Mitterrand and Reagan don't see eye-to-eye on dealings with Libya
France, under Francois Mitterrand, is developing a more active and independent foreign policy in the Mediterranean and Africa. And, against this background, a sharp difference of opinion appears to be emerging between Paris and Washington on how to deal with Libya.
Twenty-four hours after the Reagan administration had announced it was advising Americans in Libya to leave the country, French officials in Paris were saying that France intended to resume normal relations with that country. The government of Libyan leader Muammar Qaddafi, they maintained, was no longer a subversive force.
Mr. Mitterrand presumably calculates that Franco-American relations can bear the strain that such a different approach produces because on the key issue of Western relations with the Soviet Union, his policy is much more supportive of Washington than was that of his predecessor, Valery Giscard d'Estaing.
In one sense, Mr. Mitterrand is reversing the situation between France and the United States during the Giscard d'Estaing presidency. Then, France put distance between itself and the US on relations with Moscow, but was more often than not in step with the Americans in the third world - particularly Africa. Under Mr. Mitterrand, it is beginning to look the other way round, not only in Africa but also in Latin America.
Libya, focus of last week's difference between Paris and Washington, is not the most important associate whom Mr. Mitterrand is cultivating to give thrust to his more independent policy for the Mediterranean and Africa. That role is earmarked for Algeria, where the French President paid a successful official visit at the beginning of this month.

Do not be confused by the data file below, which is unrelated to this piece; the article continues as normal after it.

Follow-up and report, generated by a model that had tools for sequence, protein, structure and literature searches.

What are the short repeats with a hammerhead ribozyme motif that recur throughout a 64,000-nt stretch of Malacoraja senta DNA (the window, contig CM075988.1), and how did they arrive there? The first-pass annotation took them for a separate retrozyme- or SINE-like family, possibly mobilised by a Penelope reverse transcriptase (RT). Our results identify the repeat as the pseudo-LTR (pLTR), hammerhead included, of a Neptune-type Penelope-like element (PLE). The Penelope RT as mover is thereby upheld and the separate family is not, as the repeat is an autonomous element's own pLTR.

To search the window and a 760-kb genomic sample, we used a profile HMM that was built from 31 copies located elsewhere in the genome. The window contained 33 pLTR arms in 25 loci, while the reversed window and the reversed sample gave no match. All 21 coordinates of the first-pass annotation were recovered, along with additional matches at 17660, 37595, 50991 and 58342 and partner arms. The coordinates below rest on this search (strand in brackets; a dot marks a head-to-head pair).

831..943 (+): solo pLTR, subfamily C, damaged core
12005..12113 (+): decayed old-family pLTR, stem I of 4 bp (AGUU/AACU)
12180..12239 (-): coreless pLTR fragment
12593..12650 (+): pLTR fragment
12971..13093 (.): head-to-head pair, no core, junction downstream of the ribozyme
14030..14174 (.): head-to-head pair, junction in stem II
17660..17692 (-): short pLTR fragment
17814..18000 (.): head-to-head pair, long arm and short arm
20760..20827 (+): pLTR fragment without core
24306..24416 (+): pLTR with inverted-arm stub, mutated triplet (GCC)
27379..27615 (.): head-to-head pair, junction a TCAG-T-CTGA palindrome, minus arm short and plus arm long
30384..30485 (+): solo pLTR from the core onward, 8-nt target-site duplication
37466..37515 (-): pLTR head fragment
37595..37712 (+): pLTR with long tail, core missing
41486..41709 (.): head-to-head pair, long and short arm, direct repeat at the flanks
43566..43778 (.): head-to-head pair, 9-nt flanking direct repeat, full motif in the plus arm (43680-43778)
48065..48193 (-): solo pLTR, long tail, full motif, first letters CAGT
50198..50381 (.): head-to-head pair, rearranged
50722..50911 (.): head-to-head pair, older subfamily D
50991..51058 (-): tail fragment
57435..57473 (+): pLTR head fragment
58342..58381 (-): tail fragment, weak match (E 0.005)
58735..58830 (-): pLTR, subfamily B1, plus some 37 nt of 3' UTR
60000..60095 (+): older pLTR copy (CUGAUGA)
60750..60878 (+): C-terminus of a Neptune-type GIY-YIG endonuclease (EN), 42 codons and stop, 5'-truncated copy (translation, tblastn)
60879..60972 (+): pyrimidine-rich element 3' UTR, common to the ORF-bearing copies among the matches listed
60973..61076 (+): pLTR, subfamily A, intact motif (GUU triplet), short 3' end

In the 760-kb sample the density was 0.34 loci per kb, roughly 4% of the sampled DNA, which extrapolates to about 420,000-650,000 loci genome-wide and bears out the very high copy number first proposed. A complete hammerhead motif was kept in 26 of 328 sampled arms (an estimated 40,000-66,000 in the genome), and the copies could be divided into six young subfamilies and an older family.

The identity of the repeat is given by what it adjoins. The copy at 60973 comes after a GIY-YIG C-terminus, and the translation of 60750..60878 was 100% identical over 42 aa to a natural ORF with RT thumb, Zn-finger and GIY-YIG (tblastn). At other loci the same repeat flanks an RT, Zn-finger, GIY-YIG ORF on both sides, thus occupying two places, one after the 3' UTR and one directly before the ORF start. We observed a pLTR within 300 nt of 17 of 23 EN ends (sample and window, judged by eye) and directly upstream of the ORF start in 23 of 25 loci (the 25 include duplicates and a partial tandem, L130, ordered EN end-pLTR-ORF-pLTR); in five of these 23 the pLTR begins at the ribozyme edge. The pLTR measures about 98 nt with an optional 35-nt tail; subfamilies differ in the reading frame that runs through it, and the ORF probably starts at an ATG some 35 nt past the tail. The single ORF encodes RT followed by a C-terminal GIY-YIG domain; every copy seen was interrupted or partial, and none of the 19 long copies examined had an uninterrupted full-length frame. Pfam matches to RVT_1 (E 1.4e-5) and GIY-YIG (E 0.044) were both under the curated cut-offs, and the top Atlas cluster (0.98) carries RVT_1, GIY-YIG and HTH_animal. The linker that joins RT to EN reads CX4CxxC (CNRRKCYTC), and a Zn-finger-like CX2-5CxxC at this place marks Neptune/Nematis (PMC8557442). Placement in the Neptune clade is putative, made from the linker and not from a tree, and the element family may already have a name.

Little noticed by outsiders during the visit was a joint French-Algerian initiative that may be harbinger of others - provided the relationship between the two countries develops as Mr. Mitterrand wants. That initiative was a French-Algerian agreement to ''guarantee'' the neutrality of Malta.
The threat to Malta was left unspecified. Ironically it is Libya, whose leader, Col. Muammar Qaddafi, has turned sour on mercurial Maltese Premier Dominic Mintoff after a spat ended the brief political love affair between the two. In particular, the Libyans are blocking Maltese exploration for offshore oil in an area in dispute between the two countries.
The French-Algerian guarantee to Malta may look like a stick applied to Libya hardly compatible with the French carrot of resuming normal relations with Colonel Qaddafi.
Cynics may say the latter move is an indecently hasty rush to position France to pick up pieces that might be abandoned by the US in Libya - particularly in Libya's oil industry.
But the Mitterrand policy toward Libya has been consistently a carefully calibrated combination of stick and carrot.
A French stick helped secure the Libyan withdrawal from Chad last month. And 10 days before US-Libyan relations reached their present height of tension (with the call to Americans to leave), French Foreign Minister Claude Cheysson was clearly indicating the imminence of a carrot.
Asked by the Paris daily, Le Monde, about French relations with Libya, Mr. Cheysson replied: ''There is now no reason why they should not improve.''
A qualified French rapprochement with Libya could, of course, serve French interests in Chad -- and indeed in the rest of French-speaking Africa immediately south of the Sahara. It could put a brake on any temptation facing Colonel Qaddafi to intervene once again in Chad or to endorse subversive activities in neighboring African countries.
Such rapprochement would also strengthen French relations with the more radical or hard-line Arab countries -- which presumably is also part of Mr. Mitterrand's intention in drawing closer to Algeria.
Both Algeria and Libya are members of the Steadfastness and Confrontation Front when it comes to any thought of negotiating or compromise with Israel on the question of the Palestinians. Yet it cannot be said that Algeria and Libya are close to each other. Algerian President Chadli Benjedid, a level-headed pragmatist, is thought to distrust Colonel Qaddafi's capriciousness.
French lines out to both of them, nevertheless, could strengthen the French hand in any French initiatives on either the Arab-Israeli conflict or the continuing guerrilla war in the Western Sahara.